What is a Magnetic Compass? - Definition & History

Instructor: Matthew Helmer

Matt is an upcoming Ph.D. graduate and archaeologist. He has taught Anthropology, Geography, and Art History at the university level.

Compasses revolutionized the way humans were able to explore the globe, and they still form the foundation of navigational science today. This lesson reviews the history and function of the magnetic compass.

Compasses: One of the World's First Gadgets?

Lodestone spoon from China ca. 300 BC
Lodestone Spoon

How does a Compass Work?

Magnetic compasses operate by placing a magnetized needle on a pivot point, which pulls the needle towards the North and South Poles of the Earth. Compasses revolutionized navigation by including cardinal directions (North, South, East, and West) combined with the idea of the 360 degree circular plane around the needle.

A compass needle will always point to Magnetic North--provided there are no magnetic disruptions in the area--which allows navigators to plot what are known as azimuths and bearings. Compass bearings plot the degree angle between Magnetic North and the orientation of the compass. Bearings are always recorded clockwise in a magnetic compass where North=0 or 360 degrees, East=90 degrees, South=180 degrees, West=270 degrees. Therefore, by facing any direction, an individual can calculate their orientation by counting the number of degrees clockwise their direction varies from the North-aligned arrow. In this way, compasses also revolutionized map-making. Bearings could be aligned with degrees and landmarks on maps, allowing for accurate navigation regardless of visibility. Compasses contributed greatly to the science of map-making, known as cartography.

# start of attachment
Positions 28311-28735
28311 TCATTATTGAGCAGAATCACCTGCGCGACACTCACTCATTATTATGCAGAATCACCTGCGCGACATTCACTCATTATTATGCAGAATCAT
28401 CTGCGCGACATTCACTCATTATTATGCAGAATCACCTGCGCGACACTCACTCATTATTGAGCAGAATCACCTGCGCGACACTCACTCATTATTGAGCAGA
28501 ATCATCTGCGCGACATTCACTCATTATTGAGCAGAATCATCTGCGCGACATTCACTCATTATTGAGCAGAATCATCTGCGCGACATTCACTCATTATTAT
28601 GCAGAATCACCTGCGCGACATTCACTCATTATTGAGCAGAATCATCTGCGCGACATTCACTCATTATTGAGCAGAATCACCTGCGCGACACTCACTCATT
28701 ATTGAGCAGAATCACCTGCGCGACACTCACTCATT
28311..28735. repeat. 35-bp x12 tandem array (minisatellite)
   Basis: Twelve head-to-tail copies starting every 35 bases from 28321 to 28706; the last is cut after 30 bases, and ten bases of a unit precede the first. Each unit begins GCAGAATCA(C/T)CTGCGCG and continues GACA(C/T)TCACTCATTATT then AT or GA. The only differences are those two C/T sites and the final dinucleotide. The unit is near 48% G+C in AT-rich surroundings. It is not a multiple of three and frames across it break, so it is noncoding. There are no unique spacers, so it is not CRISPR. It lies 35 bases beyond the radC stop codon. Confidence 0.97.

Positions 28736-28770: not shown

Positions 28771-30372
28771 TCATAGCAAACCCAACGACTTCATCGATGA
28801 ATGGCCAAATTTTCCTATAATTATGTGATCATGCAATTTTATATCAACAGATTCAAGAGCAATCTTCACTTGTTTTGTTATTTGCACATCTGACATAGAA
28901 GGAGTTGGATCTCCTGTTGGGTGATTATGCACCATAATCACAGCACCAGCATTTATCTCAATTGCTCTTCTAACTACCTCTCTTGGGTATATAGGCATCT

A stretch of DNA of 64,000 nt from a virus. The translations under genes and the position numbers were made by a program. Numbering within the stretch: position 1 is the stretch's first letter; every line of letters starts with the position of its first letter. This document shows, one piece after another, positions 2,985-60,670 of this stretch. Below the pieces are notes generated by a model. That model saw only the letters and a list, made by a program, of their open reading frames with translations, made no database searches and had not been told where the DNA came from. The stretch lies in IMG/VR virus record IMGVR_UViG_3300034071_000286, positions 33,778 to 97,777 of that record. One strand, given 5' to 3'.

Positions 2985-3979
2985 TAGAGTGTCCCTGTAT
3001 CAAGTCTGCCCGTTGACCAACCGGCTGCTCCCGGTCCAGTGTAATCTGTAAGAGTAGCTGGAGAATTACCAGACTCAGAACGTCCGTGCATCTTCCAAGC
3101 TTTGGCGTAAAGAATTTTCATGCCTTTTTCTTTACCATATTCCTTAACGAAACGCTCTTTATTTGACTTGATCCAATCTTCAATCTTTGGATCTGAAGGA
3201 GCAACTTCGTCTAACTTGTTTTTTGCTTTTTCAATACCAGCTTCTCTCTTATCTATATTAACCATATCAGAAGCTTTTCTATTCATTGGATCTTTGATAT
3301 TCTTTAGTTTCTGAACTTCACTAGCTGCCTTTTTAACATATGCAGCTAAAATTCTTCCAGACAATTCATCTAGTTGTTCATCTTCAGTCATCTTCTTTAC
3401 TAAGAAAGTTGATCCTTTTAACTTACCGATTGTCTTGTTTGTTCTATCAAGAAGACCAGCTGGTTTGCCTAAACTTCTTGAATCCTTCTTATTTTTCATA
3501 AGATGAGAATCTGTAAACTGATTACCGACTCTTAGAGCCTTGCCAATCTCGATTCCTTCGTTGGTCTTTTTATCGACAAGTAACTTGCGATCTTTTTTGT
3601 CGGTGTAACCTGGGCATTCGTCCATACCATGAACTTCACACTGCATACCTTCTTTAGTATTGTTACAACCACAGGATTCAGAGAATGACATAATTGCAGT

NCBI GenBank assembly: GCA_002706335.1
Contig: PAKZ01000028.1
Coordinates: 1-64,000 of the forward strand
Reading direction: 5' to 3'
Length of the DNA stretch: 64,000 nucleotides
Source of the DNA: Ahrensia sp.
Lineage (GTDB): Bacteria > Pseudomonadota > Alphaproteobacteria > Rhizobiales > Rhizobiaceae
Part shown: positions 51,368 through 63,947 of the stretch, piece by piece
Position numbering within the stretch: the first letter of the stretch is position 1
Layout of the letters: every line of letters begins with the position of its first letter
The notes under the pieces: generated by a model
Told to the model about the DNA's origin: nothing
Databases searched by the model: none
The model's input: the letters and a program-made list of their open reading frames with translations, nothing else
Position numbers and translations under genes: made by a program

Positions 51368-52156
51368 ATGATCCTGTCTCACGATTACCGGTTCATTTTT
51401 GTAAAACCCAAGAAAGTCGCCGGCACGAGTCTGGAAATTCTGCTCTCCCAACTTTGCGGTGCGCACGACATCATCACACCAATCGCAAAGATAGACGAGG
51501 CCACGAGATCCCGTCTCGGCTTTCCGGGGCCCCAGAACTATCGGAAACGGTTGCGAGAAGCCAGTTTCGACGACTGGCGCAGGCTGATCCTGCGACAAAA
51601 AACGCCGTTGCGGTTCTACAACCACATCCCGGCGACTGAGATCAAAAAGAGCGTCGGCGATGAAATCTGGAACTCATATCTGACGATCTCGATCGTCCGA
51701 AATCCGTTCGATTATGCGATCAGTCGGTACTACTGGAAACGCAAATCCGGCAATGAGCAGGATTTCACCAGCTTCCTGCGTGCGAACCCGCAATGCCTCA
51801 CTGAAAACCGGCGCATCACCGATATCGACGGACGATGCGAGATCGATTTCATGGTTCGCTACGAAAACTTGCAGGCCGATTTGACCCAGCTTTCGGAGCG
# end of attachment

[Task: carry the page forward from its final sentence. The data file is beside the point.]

Early Magnetic Compasses

European dry compass, 18th century
Maritime Compass
wet compassesdry compasses

Compasses Today

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